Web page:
Wednesday, April 29, 2015

Although It Doesn't Seem Like It, Homeownership in America Has Returned to Normal

Homeownership rates in America are much lower than just a few short years ago.

Yet homeownership rates are now normal when viewed from a historical perspective.

How can this be?

Well, the answer is simple. The first several years of the new millennium weren't normal.

In fact, although destructive to the financial health of countless individual American families and our nation as a whole, the housing bubble was indeed a one time fiasco, albeit an enormous one.

And as a result, an entire generation of Americans came to erroneously believe that normal meant what was happening between the middle 1990's and the early 2000's. Home prices escalated more from 1995 through 2006 than they had in the prior 100 years. In fact, during that boom period they more than doubled in inflation adjusted terms after essentially having been flat for the entire prior hundred years plus.

Artificial housing demand was stimulated by buckets of 'free money' there for the taking. This abundance of 'free money' in turn created unsustainable and artificial demand which caused home prices to increase to unsustainable levels. Buyers of the 'American Dream' with little or no saved money became temporarily 'happy homeowners' --- until the unaffordable fiasco ended, that is.

Then the bubble burst, and foreclosures and a lousy high unemployment economy became the new 'normal' throughout our wonderful land. We're still sobering up today and will be for some time to come --- maybe a long time.

The Homeownership Rate Is Now The Lowest Since 1989, But There's a Silver Lining puts the story of American housing in its proper perspective:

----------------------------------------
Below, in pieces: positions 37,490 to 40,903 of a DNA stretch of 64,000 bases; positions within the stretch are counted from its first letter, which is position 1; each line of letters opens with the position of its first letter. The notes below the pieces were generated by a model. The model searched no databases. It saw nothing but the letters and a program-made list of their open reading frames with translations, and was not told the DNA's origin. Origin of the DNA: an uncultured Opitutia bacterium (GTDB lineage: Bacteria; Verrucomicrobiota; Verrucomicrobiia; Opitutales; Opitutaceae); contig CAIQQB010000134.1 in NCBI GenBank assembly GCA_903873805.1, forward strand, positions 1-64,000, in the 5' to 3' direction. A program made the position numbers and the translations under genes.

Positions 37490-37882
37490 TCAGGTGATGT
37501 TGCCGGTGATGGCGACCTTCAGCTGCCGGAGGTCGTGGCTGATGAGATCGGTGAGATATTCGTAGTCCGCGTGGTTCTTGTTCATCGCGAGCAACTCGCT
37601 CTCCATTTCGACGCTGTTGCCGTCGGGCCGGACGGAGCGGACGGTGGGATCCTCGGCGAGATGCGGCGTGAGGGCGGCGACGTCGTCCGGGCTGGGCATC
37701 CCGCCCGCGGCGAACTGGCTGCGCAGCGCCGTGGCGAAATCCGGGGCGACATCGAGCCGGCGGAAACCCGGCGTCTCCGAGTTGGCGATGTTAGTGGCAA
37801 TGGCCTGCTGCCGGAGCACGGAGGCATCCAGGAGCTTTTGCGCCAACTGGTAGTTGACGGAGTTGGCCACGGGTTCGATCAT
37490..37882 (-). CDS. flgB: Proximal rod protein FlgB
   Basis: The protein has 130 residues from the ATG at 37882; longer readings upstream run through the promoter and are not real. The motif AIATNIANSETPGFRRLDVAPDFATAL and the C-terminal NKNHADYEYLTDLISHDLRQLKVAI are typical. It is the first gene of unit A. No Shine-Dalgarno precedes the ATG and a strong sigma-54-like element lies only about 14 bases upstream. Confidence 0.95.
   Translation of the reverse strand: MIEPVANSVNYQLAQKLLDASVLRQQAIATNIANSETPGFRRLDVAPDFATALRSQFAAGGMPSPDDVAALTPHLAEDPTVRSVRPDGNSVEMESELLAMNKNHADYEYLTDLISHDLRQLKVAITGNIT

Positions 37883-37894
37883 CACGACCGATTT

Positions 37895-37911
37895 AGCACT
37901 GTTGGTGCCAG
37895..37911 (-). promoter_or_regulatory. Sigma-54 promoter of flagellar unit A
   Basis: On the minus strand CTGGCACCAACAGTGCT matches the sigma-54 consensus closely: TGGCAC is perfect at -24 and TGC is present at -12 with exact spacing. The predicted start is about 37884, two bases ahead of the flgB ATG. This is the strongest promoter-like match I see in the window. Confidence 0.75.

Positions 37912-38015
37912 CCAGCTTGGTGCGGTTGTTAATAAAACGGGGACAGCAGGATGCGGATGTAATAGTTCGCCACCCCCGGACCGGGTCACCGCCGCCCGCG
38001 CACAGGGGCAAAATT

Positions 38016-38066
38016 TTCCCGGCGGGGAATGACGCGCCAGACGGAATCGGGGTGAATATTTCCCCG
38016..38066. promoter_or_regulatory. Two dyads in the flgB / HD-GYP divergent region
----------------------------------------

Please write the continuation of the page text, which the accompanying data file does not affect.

"The U.S. homeownership rate continued to decline in 2015, hitting its lowest level since 1989. But economists saw a silver lining in that number.

The seasonally adjusted homeownership rate declined to 63.8% in the first quarter of 2015 compared with 65% in the first quarter of 2014, according to estimates published by the Commerce Department on Tuesday.
For the second consecutive quarter, the number of total households–renters and owners–jumped significantly. Because many of those new households are renting, that can drive down the homeownership rate as a percentage of total households, while providing a glimmer of hope in the long term.

The report estimated that renter households increased by more than 1.8 million from the first quarter of 2014, while the number of owner households decreased by 386,000. . . .

Economists have been waiting for 20-somethings to emerge from their parents’ basements and begin renting on their own. That is important for the owner-occupied market because, eventually, those renters will likely buy homes.

“Many of those new renter households will become homeowners, but probably not soon,” said Jed Kolko, chief economist at Trulia.

The homeownership rate has fallen steadily since 2005, when it peaked at 69.2%. That followed a decade long campaign to expand the homeownership rate, launched by President Bill Clinton in 1995 and embraced by President George W. Bush in the early 2000s.

Economists said that they expect the homeownership rate to plateau at some point in the coming months but that it will likely be a long wait before it improves significantly. In part that is because people who went through foreclosure are struggling to repair their credit and accumulate down payments to return. Younger people are also putting off marriage and children and thus homeownership."

Summing Up

Housing should not be viewed by individuals as an investment -- at least not a good one.

And excessive borrowing to purchase that 'dream home' can be hazardous to a person's financial health -- the dream can all too easily become a nightmare.

Government policies and easy credit created the conditions for the recent housing debacle for which we'll be paying for a long time to come.

The recent recession and current lousy economic recovery in large part are results of this government enabled housing debacle.

Let's hope the lessons have been learned by one and all, both as individuals and as government officials, with respect to the effects of excessive and speculative borrowing and living beyond our means.

That's my take.

Thanks. Bob.

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